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Sean's favourite food and wine pairings
Our COO Sean doesn't only make sure that your chosen wines arrive with you safely and on time - he is also passionate about his cooking, and to pairing his dishes with the perfect tipple.
Paolo e Noemia D’Amico Noe Orvieto, Italy, £13.90
Drink with fresh broad bean soup at the Michelin starred River Café. A heady mix of young broad beans, peas and mint and good stock needs an elegant spring mate. The acidity in this little white gem matches fresh elements in the soup whilst cutting through the starch in the beans. Cleansing the palate, it leaves the mouth wanting for more. More up for a fresh but filling salad? Drink it with your own Michelin starred Salade Niçoise.
Vigne Surrau Branu, Italy, £17.90
Pairs with BBQ squid and cucumber (3 ways) at Brunswick House Cafe. A marinade of chilli, root ginger, garlic and thyme infuse the squid and is sharply contrasted with cucumber, parts of which have been steeped in vinegar, the skins seasoned, and the flesh dressed in good olive oil. It would also work brilliantly with lobster linguine - which benefits from a captivating zestiness, minerality and subtle salinity - this Sardinian treat is my go-to. If outdoors, it's best drunk off a yacht in the Med, or at the very least, with your feet in a paddling pool in the back yard.
Castello di Neive Sulfite-free Barbera d'Alba, Italy, £20.30
Pairs with Tagliatelle with Duck Ragout; or monstrously large rare steaks liberally seasoned and flamed on a grill on the terrace. It's a wonderfully rich and complex wine with a power and elegance. Lovely garnet colours sparkle from the glass while sour cherries and dried fruits tantalise the tastebuds. Its structure and fine tannins combine well with the richness of a ragout, gutsy game, and Argentine-sized steaks.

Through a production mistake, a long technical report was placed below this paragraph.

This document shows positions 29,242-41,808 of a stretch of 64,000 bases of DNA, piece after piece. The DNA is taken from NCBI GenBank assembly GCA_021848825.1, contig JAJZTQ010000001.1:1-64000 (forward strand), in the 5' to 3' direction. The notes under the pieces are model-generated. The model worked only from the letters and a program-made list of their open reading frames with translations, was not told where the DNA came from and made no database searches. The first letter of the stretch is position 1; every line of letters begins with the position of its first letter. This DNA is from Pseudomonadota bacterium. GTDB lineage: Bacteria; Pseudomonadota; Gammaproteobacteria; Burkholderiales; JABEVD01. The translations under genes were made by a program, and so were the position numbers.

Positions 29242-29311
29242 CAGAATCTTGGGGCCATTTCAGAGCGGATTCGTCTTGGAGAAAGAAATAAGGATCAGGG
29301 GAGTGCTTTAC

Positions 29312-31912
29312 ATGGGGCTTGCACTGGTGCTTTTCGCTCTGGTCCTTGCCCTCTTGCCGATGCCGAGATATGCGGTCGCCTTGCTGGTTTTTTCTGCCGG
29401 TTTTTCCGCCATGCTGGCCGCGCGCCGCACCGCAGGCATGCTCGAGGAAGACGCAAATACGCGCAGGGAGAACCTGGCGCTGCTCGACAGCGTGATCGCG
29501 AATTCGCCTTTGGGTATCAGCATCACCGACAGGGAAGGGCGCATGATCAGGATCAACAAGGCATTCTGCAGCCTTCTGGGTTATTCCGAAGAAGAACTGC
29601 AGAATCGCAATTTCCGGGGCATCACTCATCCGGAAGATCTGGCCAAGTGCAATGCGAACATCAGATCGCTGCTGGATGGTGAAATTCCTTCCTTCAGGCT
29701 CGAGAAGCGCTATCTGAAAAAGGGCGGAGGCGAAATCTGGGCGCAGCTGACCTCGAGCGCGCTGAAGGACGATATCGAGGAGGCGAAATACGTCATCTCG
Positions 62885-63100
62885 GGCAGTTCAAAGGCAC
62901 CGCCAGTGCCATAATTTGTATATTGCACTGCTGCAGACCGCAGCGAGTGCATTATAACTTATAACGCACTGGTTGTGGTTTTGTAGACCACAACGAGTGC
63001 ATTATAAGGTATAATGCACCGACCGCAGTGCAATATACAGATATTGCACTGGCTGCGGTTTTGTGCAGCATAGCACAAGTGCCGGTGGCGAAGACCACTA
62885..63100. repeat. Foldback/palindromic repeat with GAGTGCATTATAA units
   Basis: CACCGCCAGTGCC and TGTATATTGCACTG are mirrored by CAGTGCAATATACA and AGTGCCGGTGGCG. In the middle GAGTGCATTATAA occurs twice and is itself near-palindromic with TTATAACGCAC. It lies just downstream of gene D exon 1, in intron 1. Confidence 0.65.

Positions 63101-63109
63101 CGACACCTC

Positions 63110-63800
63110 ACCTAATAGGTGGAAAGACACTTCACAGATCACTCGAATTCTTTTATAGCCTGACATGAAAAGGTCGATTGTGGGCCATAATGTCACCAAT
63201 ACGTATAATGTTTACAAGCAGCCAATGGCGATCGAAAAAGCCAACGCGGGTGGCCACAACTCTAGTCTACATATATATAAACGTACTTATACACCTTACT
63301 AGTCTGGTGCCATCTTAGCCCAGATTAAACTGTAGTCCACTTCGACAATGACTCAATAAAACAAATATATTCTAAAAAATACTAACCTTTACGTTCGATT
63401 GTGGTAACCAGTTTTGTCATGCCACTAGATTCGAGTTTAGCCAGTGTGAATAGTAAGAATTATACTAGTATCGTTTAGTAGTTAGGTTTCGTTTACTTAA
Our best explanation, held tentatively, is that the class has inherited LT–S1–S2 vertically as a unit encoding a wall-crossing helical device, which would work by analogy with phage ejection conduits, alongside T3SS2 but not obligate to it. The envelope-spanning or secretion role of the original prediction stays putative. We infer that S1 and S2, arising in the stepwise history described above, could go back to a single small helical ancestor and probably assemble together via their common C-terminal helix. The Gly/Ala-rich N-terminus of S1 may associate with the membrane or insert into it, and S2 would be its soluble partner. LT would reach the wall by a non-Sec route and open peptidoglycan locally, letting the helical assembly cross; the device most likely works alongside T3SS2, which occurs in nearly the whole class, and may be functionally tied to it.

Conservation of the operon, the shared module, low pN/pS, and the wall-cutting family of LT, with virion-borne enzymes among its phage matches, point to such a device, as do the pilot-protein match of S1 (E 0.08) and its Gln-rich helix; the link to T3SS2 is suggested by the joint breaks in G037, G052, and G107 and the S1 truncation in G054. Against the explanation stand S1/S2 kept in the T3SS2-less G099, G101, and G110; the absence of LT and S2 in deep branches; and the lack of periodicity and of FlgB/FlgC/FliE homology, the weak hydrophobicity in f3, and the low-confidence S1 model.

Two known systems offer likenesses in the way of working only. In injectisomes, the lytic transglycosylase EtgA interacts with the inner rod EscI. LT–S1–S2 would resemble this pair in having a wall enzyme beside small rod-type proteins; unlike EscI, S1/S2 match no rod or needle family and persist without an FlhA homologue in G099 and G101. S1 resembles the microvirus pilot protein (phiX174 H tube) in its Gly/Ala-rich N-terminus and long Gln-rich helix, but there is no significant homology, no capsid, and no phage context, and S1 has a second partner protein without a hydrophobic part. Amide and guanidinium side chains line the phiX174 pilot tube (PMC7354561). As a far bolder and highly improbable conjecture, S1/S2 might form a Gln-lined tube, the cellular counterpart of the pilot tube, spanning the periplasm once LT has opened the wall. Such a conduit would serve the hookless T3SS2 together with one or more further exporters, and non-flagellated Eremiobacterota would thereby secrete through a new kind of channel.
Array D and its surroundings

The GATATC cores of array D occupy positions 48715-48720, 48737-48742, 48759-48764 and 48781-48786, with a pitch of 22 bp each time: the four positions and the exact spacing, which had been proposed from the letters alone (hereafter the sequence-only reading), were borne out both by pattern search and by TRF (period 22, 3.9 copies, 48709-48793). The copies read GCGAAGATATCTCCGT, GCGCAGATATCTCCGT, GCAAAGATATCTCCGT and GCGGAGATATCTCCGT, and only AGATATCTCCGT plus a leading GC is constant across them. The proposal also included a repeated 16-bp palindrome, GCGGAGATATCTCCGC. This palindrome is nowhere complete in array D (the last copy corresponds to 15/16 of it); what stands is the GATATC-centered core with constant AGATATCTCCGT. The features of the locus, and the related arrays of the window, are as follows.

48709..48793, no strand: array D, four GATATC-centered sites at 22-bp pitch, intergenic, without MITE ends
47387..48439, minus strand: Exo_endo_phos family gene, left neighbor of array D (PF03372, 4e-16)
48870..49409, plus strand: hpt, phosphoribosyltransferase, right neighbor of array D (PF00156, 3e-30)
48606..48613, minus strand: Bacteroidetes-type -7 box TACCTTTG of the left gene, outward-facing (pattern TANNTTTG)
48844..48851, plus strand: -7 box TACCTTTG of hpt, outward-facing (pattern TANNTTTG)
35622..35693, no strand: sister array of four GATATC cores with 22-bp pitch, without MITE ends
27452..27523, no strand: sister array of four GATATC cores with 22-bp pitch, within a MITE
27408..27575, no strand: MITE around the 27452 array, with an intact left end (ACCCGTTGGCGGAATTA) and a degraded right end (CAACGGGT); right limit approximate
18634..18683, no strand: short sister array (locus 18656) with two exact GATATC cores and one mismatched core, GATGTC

Johan Vineyards Grüner Veltliner, Oregon, £22.20
Pairs with Thai dishes, especially the vibrant curries. A biodynamic pleasure whose creaminess and intense mid-palate of exotic ripe fruit speak to tangy dishes. Not as prickly as its Austrian cousins, means this Grüner plays well with the zingy melody of salty, citrus and sour asian foods - a wine to work with the creaminess of a curry and not against it. Think: fragrant green curry, topped with crushed roasted peanuts; and a side of sharply dressed salad.
Herbert Hall Rosé, England, £30.80
Pairs with feet sinking into the deep green grass, a straw hat, light jazz and ripe strawberries handed around in an enormous bowl. Grown in that part of Kent known as the Garden of England, its apple zing and pink blush are lilting floral notes of subtle wonder. It’s just magic with shellfish because the structure and weight hold their own, or you could keep it simple, with one big fat strawberry after the other. A dribble of juice down the chin completes my happiness.
Rogue Vine Grand Itata Blanco, Chile, £16.40
Pairs with big fresh salads. I make a large bowl of fresh spinach, basil, Aegean feta and parma ham and dress it with a finger-licking elixir of good oil, honey and rose water. Salty, fragrant, creamy and crunchy; so I need a fragrant sweeter white which makes my mouth glad for more. With notes of peaches, lemon and orange blossom you suspect its going to be frilly with no decent conversation. But its wild Chilean Moscatel / Riesling blend is subtly sweet, full bodied and structured across the palate so it matches the floral salad notes and cleans the feta each mouthful.
You can find more suggestions on pairings here - or give us a call on 020 3603 1646, we are here to help!
Published on: May 26, 2016